I recently went to a Core Yoga class offered by my chiropractor, Jill Massengill, D.C. (http://www.straightchiropractors.com/jill.html) As I was driving to her studio, I wondered if it would be a “hard core” or “real core” type of class. Most people think that working the core should be strenuous (as in this slide show from the Mayo Clinic http://www.mayoclinic.com/health/core-strength/SM00047), but actually core muscles contract subtly. Feeling them is more an experience of turning down intensity rather than revving it up. I wasn’t surprised, but I was pleased, when Dr. Jill helped us slow down and sink into subtle sensation so that we could activate the real core.
The core consists of four muscle groups: 1) the diaphragm, 2) pelvic floor, 3) transverse abdominus, and 4) multifidi. They act like a cylinder to stabilize the low back and abdominal cavity. The diaphragm is the top of the cylinder, the pelvic floor the bottom, and the transverse abdominus and multifidi make the circle part.
Unlike muscles that get worked at the gym, the core is designed to work slowly and for an extended period of time. That’s why many people fail to find or develop their cores when using the exercises like the ones from the Mayo Clinic—and the first 25 Google entries I found.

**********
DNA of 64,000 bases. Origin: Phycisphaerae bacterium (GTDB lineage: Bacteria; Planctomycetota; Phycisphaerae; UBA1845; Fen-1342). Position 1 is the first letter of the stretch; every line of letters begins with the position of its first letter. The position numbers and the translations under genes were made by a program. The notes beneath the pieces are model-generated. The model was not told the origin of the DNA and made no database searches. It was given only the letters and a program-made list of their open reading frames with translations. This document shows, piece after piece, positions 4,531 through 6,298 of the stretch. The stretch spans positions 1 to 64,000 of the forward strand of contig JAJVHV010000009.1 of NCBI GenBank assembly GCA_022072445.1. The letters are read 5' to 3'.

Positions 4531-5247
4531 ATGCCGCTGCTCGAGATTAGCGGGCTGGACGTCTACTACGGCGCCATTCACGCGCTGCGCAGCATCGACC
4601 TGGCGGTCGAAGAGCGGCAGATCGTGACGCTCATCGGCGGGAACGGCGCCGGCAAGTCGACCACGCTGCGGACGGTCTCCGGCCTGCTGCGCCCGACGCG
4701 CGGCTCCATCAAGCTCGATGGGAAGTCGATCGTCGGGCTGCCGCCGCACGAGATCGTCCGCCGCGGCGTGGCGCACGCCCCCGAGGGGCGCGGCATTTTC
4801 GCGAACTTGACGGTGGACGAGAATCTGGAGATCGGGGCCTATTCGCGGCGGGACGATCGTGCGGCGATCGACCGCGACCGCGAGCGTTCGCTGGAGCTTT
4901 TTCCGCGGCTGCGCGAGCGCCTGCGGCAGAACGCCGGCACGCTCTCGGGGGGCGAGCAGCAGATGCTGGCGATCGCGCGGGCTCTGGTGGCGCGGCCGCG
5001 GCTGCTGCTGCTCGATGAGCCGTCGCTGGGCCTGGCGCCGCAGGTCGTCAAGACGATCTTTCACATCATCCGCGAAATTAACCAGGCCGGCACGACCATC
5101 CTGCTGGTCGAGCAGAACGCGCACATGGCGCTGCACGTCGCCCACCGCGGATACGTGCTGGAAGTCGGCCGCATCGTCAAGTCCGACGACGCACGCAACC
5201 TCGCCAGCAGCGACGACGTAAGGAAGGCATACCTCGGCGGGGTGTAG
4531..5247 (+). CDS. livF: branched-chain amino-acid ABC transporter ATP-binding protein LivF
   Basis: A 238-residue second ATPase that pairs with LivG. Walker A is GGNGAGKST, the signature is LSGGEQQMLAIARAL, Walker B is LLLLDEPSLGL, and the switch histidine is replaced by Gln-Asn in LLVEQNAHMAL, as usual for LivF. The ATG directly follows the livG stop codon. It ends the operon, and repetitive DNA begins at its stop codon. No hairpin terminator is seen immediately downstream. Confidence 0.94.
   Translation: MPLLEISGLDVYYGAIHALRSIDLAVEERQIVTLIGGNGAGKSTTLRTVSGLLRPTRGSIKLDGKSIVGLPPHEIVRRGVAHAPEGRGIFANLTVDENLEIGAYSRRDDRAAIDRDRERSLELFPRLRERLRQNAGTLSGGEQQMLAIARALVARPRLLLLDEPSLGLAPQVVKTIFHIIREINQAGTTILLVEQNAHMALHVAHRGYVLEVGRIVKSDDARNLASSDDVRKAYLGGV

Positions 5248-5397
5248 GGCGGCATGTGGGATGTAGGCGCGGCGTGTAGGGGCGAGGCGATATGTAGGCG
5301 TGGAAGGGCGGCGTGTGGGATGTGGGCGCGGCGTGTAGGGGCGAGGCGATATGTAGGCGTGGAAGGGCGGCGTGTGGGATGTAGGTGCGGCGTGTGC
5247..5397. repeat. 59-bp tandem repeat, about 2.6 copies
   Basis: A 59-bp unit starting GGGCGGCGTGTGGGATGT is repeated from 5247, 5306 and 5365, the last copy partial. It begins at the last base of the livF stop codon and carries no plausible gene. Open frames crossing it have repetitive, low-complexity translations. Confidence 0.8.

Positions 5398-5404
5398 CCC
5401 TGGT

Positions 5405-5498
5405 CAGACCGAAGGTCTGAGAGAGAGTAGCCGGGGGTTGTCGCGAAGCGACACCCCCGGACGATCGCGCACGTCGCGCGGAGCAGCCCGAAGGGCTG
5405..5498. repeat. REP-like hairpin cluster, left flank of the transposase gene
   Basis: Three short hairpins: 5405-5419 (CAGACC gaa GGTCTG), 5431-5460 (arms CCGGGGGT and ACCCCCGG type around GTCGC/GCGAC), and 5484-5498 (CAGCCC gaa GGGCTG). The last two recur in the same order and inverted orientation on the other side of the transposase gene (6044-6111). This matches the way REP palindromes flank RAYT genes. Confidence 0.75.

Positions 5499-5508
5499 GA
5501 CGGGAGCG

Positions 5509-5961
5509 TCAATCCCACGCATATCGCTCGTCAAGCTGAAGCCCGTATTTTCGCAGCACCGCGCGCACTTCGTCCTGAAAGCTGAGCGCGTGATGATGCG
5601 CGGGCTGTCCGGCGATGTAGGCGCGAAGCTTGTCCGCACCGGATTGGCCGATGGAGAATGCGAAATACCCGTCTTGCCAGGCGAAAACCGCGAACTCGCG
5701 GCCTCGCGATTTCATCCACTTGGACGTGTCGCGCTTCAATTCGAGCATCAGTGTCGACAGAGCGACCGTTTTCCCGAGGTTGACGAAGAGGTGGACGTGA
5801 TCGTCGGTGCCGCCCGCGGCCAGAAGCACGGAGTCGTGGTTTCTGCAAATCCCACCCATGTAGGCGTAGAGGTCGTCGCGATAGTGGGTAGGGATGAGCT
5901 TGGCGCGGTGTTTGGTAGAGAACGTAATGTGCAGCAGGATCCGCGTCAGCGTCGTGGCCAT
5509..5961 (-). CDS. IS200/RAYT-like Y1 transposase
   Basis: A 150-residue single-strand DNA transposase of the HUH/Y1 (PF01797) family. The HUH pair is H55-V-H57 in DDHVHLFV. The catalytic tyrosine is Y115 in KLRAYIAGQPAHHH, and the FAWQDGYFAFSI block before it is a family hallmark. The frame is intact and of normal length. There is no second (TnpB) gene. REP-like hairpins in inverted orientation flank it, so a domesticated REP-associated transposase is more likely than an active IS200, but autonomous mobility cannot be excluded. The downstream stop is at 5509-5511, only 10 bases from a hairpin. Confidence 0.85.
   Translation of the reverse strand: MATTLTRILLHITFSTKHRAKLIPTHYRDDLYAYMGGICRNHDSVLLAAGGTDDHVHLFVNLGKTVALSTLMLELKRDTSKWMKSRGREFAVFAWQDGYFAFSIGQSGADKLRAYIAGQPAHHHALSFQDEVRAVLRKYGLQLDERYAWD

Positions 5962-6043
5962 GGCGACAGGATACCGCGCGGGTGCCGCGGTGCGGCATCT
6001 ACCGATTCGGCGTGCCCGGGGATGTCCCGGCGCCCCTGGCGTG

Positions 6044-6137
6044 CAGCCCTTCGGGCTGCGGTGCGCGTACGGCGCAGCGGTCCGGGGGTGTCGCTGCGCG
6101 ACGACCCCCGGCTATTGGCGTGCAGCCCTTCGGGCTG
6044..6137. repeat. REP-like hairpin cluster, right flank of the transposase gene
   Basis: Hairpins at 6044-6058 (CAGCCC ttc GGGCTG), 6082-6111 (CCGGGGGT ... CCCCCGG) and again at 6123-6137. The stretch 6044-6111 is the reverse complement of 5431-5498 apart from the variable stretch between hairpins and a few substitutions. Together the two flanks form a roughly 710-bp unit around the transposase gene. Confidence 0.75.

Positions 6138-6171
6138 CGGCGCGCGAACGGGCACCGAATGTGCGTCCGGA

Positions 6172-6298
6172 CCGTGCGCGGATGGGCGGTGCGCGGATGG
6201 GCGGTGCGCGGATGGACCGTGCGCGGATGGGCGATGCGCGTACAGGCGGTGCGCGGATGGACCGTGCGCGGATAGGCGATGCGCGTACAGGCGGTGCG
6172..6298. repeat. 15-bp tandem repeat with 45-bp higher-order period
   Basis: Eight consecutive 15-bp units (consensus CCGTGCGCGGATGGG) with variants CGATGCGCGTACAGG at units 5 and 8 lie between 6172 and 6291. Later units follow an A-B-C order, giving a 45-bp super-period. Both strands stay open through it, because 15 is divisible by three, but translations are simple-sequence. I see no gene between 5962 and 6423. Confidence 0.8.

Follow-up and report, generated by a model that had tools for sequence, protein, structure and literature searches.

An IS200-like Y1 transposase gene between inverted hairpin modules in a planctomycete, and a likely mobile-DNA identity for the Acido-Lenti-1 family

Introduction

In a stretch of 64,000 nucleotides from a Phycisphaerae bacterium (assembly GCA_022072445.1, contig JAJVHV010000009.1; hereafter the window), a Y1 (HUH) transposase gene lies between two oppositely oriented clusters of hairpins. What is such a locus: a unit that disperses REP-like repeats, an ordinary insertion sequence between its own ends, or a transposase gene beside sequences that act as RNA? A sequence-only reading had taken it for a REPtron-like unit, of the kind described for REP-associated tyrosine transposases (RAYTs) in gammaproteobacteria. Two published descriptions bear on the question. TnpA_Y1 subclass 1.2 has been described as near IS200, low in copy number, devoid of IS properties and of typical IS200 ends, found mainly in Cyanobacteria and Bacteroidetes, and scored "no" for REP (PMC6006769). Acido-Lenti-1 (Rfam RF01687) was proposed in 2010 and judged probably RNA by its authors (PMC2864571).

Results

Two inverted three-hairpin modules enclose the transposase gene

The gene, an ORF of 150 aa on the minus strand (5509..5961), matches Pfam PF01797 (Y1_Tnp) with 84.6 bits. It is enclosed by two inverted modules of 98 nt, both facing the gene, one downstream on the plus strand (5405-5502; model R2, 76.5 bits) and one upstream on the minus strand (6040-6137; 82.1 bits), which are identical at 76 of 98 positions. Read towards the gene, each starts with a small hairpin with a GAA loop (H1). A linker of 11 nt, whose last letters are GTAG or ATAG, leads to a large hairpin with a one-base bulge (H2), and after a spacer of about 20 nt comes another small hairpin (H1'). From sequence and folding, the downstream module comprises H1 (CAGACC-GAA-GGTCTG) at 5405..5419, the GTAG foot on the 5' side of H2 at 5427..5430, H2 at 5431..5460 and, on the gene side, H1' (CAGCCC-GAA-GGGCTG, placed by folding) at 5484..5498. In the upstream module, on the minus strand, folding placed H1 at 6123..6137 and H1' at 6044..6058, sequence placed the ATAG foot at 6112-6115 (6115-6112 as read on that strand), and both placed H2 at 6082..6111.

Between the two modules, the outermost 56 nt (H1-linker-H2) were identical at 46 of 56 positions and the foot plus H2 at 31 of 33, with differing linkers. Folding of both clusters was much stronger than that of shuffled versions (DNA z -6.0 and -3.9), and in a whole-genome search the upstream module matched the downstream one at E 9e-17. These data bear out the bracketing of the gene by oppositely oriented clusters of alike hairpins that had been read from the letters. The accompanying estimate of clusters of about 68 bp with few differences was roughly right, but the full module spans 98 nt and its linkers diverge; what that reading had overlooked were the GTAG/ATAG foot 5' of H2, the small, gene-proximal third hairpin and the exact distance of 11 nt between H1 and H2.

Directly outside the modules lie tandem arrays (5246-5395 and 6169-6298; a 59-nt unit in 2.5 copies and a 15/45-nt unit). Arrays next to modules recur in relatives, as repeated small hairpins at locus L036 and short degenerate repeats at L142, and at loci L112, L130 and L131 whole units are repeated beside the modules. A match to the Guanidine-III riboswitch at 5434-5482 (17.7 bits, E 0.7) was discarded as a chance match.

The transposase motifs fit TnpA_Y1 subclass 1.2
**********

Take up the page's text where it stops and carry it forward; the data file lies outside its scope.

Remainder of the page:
After much searching, I found an article by Susie Hately-Aldous that describes the incongruity between what people think a core exercise should do and what the core actually is. You can read it at: http://ezinearticles.com/?The-Ultimate-Core-Exercise&id=716075.
I gave up my search before I could find a good core exercise for you from the internet. Here’s one that I teach my clients:
Engage Your Core by Using Your Feet, Part 1
1. Lie on your back with your knees bent and your feet comfortably close to your buttocks.
2. Push down through your feet to push yourself “up,” as if you were getting “taller.”
3. Push with your heels only and notice how the line of force travels through your back.
4. Push with the balls of your feet and notice how the line of force travels through your front.
5. Push equally with the balls of your feet and your heels. Notice how much is on the inside and how much is on the outside arches.
6. Push evenly with your heels and balls with 60% weight on the inside arch, 40% outside.
7. Also try experimenting to find the push that travels up through your spine the most.
This is much easier than what most expect from a core exercise. But since so many of us are disconnected from our cores, we have to start by tuning into it.
Feel free to share your favorite core exercise.